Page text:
Medical teams of doctors and nurses will be arriving in Portugal over the weekend from Luxembourg and France.
The plan is to give extra support in the hospitals of Espírito Santo, in Évora, and Garcia de Orta, in Almada (near Lisbon).
Says a note from the health ministry, one team will be made up of two doctors and two nurses, the other of two doctors and three nurses. All of them are specialised in intensive care medicine.
Their arrival “constitutes an important support to both hospitals that have experienced elevated pressure at intensive care level”, the note explains.
The teams are due to start working during the week beginning February 15 and stay “for at least two weeks”, adds Público.
Last week, the capital received a medical team of 26 German military personnel (six of them doctors) which is working out of the private Hospital da Luz, and which arrived equipped with 40 mobile ventilators, 10 stationary ventilators and 150 oxygen pumps, as well as a number of hospital beds.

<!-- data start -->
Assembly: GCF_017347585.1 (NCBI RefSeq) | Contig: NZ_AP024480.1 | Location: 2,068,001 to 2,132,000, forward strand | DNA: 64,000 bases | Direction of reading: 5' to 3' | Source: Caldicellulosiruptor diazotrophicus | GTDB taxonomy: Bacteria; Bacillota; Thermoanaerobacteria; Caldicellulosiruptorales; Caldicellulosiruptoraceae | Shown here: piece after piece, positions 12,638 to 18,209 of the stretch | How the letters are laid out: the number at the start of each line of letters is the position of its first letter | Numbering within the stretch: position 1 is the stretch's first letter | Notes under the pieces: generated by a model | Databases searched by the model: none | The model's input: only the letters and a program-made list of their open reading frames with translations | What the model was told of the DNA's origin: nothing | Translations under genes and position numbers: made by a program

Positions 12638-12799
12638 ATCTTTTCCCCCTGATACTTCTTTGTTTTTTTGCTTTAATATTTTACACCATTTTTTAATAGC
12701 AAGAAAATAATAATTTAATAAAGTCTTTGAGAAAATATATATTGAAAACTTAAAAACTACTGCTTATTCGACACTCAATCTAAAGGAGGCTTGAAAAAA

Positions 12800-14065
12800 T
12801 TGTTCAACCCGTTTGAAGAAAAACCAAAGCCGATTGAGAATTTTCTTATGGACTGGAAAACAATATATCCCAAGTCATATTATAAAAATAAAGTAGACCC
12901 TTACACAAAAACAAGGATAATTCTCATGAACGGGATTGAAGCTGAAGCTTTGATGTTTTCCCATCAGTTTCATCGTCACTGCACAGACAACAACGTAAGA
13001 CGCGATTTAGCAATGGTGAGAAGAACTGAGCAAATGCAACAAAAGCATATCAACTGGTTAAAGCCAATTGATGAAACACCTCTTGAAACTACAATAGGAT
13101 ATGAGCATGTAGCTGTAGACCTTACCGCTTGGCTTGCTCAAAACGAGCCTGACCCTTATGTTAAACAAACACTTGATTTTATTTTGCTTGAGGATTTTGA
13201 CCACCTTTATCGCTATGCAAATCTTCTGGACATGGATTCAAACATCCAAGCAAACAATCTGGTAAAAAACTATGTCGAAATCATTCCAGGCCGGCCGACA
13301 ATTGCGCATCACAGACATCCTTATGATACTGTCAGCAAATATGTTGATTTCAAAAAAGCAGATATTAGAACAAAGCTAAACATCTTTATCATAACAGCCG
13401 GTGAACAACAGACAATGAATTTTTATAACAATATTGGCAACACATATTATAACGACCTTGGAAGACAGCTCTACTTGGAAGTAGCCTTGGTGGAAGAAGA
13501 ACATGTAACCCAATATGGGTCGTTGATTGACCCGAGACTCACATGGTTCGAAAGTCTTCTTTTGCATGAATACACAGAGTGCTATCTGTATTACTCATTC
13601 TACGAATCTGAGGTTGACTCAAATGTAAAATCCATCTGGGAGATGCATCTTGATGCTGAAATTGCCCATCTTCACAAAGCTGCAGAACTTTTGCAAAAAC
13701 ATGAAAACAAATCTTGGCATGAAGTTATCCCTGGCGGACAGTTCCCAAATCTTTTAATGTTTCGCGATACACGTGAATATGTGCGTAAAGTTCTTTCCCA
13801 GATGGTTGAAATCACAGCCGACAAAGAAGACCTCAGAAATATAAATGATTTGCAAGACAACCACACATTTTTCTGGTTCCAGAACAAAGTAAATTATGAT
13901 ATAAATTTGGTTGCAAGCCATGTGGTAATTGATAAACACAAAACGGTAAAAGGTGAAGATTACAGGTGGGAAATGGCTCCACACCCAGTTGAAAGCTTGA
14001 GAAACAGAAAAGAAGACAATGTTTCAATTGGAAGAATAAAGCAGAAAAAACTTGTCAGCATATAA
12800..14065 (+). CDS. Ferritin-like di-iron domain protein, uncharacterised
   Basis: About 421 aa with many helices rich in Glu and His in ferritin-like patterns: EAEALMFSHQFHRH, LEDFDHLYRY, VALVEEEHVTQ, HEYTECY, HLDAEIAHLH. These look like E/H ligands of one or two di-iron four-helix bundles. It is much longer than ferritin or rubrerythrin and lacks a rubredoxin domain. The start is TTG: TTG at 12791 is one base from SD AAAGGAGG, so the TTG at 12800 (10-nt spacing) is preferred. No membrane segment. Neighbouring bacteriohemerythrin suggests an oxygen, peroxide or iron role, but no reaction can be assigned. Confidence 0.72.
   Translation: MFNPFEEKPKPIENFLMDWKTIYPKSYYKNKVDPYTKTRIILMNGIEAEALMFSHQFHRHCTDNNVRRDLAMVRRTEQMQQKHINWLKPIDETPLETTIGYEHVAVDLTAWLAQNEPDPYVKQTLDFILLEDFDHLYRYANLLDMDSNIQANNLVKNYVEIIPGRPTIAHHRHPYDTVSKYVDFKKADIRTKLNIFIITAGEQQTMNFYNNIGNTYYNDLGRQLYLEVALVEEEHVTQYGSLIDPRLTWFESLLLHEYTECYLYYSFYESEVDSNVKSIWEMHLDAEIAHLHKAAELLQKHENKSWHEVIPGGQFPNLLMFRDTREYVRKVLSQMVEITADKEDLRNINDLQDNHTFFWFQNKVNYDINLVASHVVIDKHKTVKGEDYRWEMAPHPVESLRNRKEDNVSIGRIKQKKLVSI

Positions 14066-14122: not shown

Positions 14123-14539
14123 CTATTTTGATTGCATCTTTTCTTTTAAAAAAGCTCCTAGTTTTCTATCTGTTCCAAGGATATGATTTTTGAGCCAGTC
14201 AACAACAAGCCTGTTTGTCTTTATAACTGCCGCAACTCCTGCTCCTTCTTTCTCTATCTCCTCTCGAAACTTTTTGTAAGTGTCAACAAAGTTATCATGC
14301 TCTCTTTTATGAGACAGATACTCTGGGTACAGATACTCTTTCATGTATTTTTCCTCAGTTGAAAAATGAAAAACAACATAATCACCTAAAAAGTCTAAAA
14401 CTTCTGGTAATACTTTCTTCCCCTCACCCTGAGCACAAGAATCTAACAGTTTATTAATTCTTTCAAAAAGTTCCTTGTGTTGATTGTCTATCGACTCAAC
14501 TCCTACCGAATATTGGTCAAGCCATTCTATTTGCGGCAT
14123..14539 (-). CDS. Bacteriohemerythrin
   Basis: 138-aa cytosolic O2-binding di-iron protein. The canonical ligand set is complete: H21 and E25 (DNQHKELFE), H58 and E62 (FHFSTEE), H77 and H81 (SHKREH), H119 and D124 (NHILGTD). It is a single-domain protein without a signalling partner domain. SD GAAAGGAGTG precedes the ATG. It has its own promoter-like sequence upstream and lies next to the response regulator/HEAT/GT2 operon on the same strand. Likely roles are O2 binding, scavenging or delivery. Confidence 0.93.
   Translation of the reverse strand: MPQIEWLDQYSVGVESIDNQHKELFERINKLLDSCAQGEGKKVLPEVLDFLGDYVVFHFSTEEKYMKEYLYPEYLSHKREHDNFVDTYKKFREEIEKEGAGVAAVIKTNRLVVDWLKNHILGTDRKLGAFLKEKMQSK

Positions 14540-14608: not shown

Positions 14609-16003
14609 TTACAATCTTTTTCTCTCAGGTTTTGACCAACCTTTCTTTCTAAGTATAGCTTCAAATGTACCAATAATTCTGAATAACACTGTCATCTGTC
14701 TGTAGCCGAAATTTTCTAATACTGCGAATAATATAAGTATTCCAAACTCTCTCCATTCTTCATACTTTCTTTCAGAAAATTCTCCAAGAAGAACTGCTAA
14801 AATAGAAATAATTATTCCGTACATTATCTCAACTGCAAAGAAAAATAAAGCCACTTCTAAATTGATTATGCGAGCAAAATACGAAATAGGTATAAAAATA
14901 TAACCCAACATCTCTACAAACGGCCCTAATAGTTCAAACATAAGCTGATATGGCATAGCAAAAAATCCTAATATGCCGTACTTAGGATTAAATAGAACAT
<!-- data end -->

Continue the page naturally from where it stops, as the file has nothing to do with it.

The team is due to stay for another six weeks, Germany’s defence minister Annegret Kramp-Karrenbauer announced as this article went up online.
In an interview with Lusa last week, Germany’s ambassador to Portugal, Martin Ney, said the team’s presence in Portugal “is in Germany’s own interest”, as only together can the pandemic be overcome.
Replying to questions, he said it was “impossible” to predict when borders would be reopened in Europe in general, or when travel would once again be possible between Germany and Portugal.
“I would like to come forward with a forecast which takes account of reality,” he said. “The truth is that nobody can predict it. Nobody wants to close borders, it is a measure of last resort.
“Germany believes that as soon as Portugal is ready to resume flights, the flow of tourists and people will resume,” he said. “But no one can predict now when this might happen.”
Intriguingly, Mr Ney cast some light on how the pandemic is unfolding in his own country. He said: “we never thought we would be so heavily-affected with a second wave, and this is partly due to the mutations of the virus, not only in the UK, but also in South Africa and Brazil, which made it uncertain how we could deal with the situation.
“Another element of uncertainty,” he said, has been the cooperation of Germany’s own population, “which is already getting tired of constraints”.